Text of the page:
buying Here's What You Need To Know About Negotiating Car Accessories And Add-Ons

21:23  14 november  2017
21:23  14 november  2017 Source:   Jalopnik

Ram CPO Buying Guide

  Ram CPO Buying Guide A CPO truck combines the best of two worlds: new and used vehicles. You get the peace-of-mind of a new-vehicle warranty and the cost savings of a used vehicle, as well as some other perks that we’ll cover in the following sections. Read ahead to learn how a certified pre-owned Ram is selected, what warranties and extras it comes with, how CPO Rams compare with other CPO trucks, and how to find a great deal on a CPO Ram near you. Which Used Ram Vehicles Are Eligible? Not all used Ram trucks qualify to be evaluated for certified pre-owned designation. To get to that stage, a Ram truck must have less than 75,000 miles on it and be less than five model years old. There can be no damage to the frame and it must have a clean title. Also, any aftermarket accessories installed on the truck must not compromise the safety, emissions, or operation of the vehicle. Inspection Process Each CPO Ram truck must pass a 125-point inspection. That inspection includes a number of mechanical checks, a road test, a steering performance evaluation, a powertrain and braking assessment, an exterior and interior condition examination, and fluid level evaluations. Any issues that come up during the process may be fixed using authentic Mopar parts, at the discretion of the dealership. Warranty Each Ram CPO purchase is covered by a seven-year/100,000-mile warranty.

Did you know that sometimes you can save some money on these items depending on how they are added to the price of the car ? When it comes to accessories and add - ons , don’t get so hung up on a few bucks especially if the items are part of the window sticker.

Most car buyers focus all of their defensive negotiating strategies with the salesperson. Once a… Here ' s What You Need To Know About Negotiating Car Accessories And Add - Ons .

a car driving on a road© Provided by Univision Interactive Media, Inc. Most new cars are sold with a few extras, and most of the time these are functional items like floor mats and roof racks. Did you know that sometimes you can save some money on these items depending on how they are added to the price of the car?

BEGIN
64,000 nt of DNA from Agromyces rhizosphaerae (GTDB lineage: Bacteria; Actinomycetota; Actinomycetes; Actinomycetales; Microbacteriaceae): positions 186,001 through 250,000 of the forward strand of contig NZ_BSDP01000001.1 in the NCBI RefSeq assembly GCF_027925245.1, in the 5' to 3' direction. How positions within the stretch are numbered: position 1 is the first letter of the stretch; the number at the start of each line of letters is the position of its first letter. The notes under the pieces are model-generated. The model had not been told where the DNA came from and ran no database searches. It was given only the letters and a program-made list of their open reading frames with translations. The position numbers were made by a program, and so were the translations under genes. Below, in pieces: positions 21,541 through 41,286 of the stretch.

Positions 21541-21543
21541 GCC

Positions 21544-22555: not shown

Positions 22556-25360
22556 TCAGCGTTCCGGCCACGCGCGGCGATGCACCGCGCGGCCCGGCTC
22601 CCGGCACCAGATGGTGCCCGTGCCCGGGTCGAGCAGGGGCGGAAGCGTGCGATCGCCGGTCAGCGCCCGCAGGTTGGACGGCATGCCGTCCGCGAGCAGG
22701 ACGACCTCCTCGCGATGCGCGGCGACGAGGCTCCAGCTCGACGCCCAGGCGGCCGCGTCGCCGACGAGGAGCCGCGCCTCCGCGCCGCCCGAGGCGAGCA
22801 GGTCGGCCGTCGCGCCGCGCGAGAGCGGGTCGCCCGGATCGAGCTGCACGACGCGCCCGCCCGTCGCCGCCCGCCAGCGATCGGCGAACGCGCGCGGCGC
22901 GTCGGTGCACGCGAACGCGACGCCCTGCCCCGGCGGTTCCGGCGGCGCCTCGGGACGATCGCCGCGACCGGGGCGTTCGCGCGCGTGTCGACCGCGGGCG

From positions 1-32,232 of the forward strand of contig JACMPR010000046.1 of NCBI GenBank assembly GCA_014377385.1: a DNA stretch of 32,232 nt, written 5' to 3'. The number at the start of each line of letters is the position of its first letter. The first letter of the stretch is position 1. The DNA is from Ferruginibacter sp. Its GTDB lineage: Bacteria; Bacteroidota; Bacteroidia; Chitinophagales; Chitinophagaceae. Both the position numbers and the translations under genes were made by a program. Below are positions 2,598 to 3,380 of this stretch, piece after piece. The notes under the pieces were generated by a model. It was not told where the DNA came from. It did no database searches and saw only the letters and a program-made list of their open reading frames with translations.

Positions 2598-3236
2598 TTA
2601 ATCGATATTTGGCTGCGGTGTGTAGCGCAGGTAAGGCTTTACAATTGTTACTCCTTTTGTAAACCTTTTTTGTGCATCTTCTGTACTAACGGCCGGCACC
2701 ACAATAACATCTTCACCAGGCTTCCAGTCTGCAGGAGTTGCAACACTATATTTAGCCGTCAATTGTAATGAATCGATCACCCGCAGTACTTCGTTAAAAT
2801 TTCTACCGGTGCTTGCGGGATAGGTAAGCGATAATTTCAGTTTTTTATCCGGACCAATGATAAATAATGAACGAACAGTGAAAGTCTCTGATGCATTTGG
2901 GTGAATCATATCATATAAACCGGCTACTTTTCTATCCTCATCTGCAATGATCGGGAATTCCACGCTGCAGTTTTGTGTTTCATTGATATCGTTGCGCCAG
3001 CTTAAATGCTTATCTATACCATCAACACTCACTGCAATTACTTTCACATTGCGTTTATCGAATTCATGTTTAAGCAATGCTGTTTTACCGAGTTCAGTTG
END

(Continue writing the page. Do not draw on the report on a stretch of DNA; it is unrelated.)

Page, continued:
When it comes to accessories like mats, racks, cargo boxes, tow kits, or even cosmetic stuff like moldings and window tint, for the sake of negotiating price these items break down into two categories—factory or port-installed and dealer-installed. This is important. When they’re applied to the car matters in terms of how much leverage you have in terms of getting the price down or paying for them at all.

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Most car buyers focus all of their defensive negotiating strategies with the salesperson. Once a price has been decided on they think, “Whew, the hard part is over, now I just have to sign the papers.” Here ' s What You Need To Know About Negotiating Car Accessories And Add - Ons .

Here ' s What You Need To Know About Negotiating Car Accessories And Add - Ons .

I’ve heard from folks that went into a dealer demanding saying only want to pay a certain price for a car without any extras, only to be told that some of those accessories come with the car and cannot be removed. That is because these extras are either factory installed or port-installed—meaning, put on the car once it arrives in the country. I’ve seen people walk away from a really good deal because there was $125 in floor mats on the car and the dealer would not take them out.

What car buyers should understand is that if an accessory like floor mats or a trunk tray is part of the window sticker, they cannot be removed from the car and pulled out of the price. Sometimes these items get bundled into something called a “protection kit” or something like that. What the dealer can do is sell you these items at a discount just like they would the car.